The mission of the Fair Oaks Ranch Homeowners' Association (FORHA) is to be good stewards of the homeowners' common properties and funds; to preserve the homeowners' investments by promoting deed restriction compliance; and to provide appropriate forums for communication.
Fair Oaks Ranch City & Homeowners Association (FORHA) Background
As its name implies, the City started as a ranch. The ranch – stretching across the frontiers of Bexar, Kendall, and Comal counties – was acquired in the 1930s by Ralph Fair Sr. After a fire in the 1950s, the family remodeled the house into the 13,000-square-foot home that is known today as the Fair Oaks Ranch Golf and Country Club and remains a focal point of activity in the community.
Fair was a successful oilman and rancher from California. He moved to Dallas, married Dorothy Dunlap Exline, and they began putting together tracts of land into the ranch that became their home and where they raised their family. Fair’s passions were horse raising, and cattle ranching and breeding, according to the Texas State Historical Society. In the 1940s, Fair is known for developing his own Hereford strain (red and white cows without horns) and for his pioneering work in a bovine artificial insemination program. In fact, The Ranch still pays tribute to one of Fair’s favorite Hereford’s named Battle Intense. The bull’s namesake is the Men's Golf Association's largest invitational of the year – and is the name of a City street.
After the parents died, the family decided to take the 5,000-acres that made up Fair Oaks Ranch and make it into a residential community. They started selling off small acres of land and started a homeowner’s association in 1975 with Boots Gaubatz as the president. The Fair Oaks Ranch Homeowner’s Association (FORHA) was incorporated in 1975 and became the most important organization serving the needs of the community. In 1985 Boots Gaubatz, organized the FORHA Board on a functional basis.
In 1977, the tennis club was constructed and a year later Fair’s son, Ralph Fair Jr., built his own house, moved out of the family ranch house and opened up the club. In 1987, Fair Jr. sold the club to Robert Dedman, then the owner of ClubCorp of America.
Expansion continued and by the 1980s FORHA undertook the task of determining the feasibility of forming a city. Two cities, Fair Oaks North and Fair Oaks South, were formed due to state restrictions on population density. Don King became the mayor of Fair Oaks North while FORHA president Gaubatz became the mayor of Fair Oaks South. One major hurdle to becoming one city was the fact that the Ranch was located within the extraterritorial jurisdiction of the City of San Antonio and as such could not incorporate without the consent of the City of San Antonio. An agreement was reached whereby the new City of Fair Oaks would be allowed to incorporate if it gave up all extraterritorial jurisdiction claims outside the boundaries of the Ranch proper to the City of San Antonio. The agreement was accepted and the cities of Fair Oaks North and Fair Oaks South were incorporated. On January 21, 1988, after an election was held, the two cities were combined with the council from the South becoming the City Council for the single City of Fair Oaks. Subsequently, the name was changed to the City of Fair Oaks Ranch. King, Gaubatz and an HOA board member, Bob Herring, worked together to combine the two communities into one and are considered the city’s founders.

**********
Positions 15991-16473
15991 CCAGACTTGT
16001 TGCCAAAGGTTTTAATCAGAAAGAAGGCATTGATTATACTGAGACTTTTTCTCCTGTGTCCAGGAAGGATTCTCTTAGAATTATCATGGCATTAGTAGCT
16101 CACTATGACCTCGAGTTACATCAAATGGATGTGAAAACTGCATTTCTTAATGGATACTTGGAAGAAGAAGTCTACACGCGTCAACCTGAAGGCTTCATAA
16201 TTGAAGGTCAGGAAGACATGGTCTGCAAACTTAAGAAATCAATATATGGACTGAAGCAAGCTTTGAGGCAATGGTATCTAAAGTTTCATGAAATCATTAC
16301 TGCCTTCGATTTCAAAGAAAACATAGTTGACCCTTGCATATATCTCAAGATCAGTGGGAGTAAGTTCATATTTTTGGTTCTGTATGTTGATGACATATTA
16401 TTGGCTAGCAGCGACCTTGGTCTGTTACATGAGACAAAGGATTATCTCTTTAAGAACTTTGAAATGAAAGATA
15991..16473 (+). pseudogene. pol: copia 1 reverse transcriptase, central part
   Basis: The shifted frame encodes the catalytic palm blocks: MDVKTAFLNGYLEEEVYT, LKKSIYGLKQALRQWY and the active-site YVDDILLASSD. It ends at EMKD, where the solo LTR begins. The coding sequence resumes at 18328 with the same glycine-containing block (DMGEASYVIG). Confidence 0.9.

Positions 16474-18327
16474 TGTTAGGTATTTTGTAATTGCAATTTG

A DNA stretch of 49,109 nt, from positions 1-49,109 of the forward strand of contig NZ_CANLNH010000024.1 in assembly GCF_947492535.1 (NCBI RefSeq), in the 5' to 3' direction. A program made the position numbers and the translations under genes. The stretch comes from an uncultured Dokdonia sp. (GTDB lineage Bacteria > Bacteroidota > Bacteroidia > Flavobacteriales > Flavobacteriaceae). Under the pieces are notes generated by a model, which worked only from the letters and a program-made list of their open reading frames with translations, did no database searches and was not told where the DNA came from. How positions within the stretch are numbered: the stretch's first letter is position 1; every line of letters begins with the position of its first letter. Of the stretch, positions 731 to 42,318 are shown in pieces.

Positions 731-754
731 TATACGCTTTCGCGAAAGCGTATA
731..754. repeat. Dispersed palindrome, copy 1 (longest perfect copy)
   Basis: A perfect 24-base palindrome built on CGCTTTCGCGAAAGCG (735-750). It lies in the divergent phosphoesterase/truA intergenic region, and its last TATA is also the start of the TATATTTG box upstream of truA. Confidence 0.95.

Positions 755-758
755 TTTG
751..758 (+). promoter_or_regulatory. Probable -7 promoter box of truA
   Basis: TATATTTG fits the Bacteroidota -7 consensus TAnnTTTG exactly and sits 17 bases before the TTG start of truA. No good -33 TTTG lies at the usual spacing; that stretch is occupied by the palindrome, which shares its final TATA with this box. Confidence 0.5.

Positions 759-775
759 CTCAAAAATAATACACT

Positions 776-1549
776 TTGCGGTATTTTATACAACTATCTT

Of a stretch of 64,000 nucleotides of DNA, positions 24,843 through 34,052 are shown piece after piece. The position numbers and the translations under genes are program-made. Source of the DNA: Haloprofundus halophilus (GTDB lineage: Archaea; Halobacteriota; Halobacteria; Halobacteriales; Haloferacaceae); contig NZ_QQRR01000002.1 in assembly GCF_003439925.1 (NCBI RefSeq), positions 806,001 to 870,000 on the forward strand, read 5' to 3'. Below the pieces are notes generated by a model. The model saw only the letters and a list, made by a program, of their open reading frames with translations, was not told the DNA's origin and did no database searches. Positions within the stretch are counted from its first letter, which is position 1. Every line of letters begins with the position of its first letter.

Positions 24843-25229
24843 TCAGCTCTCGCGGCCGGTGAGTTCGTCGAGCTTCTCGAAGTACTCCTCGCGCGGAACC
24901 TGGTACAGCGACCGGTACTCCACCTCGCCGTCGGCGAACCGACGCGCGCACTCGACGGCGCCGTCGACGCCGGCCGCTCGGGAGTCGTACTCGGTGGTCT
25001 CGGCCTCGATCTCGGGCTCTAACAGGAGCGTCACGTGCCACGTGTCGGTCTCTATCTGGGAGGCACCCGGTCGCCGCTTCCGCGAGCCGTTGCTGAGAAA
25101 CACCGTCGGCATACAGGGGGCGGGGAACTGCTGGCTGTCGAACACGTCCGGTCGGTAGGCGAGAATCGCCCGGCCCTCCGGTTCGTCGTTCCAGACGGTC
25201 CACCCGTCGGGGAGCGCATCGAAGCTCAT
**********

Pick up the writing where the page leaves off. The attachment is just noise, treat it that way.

The City is approximately 22 miles northwest of San Antonio and 7 miles southeast of Boerne. It is considered part of the San Antonio Metropolitan Statistical Area. The original 5,000-acre city grew to include an additional 3,200 acres of extra-territorial jurisdiction (ETJ), ceded from San Antonio, as well as land absorbed from Boerne. Most of the City’s ETJ was annexed by Fair Oaks Ranch in late 2017.
The City has its own police force. EMS and fire protection are provided by the nearby Leon Springs Volunteer Fire Department/Bexar County ESD #4. Much of Fair Oaks Ranch is part of the Boerne Independent School District, which built Fair Oaks Ranch Elementary school in 1995. A smaller part of the City is in the Comal Independent School District.
The City today is primarily single-family residential, with a few commercial uses scattered through the City, mostly near I-10 or at intersections for a few major streets, such as Dietz Elkhorn at Fair Oaks Parkway and Dietz Elkhorn at Ralph Fair Road.
Fair Oaks Ranch was originally conceived by a single-ownership family working with a small group of builders and planners, ensuring a relatively common standard of development in the City’s early years. The City has never implemented a zoning ordinance, though one was drafted in the 2000s and never adopted. Restrictions committees within homeowner associations are active throughout most of the existing City today and have been the main source of land use regulation.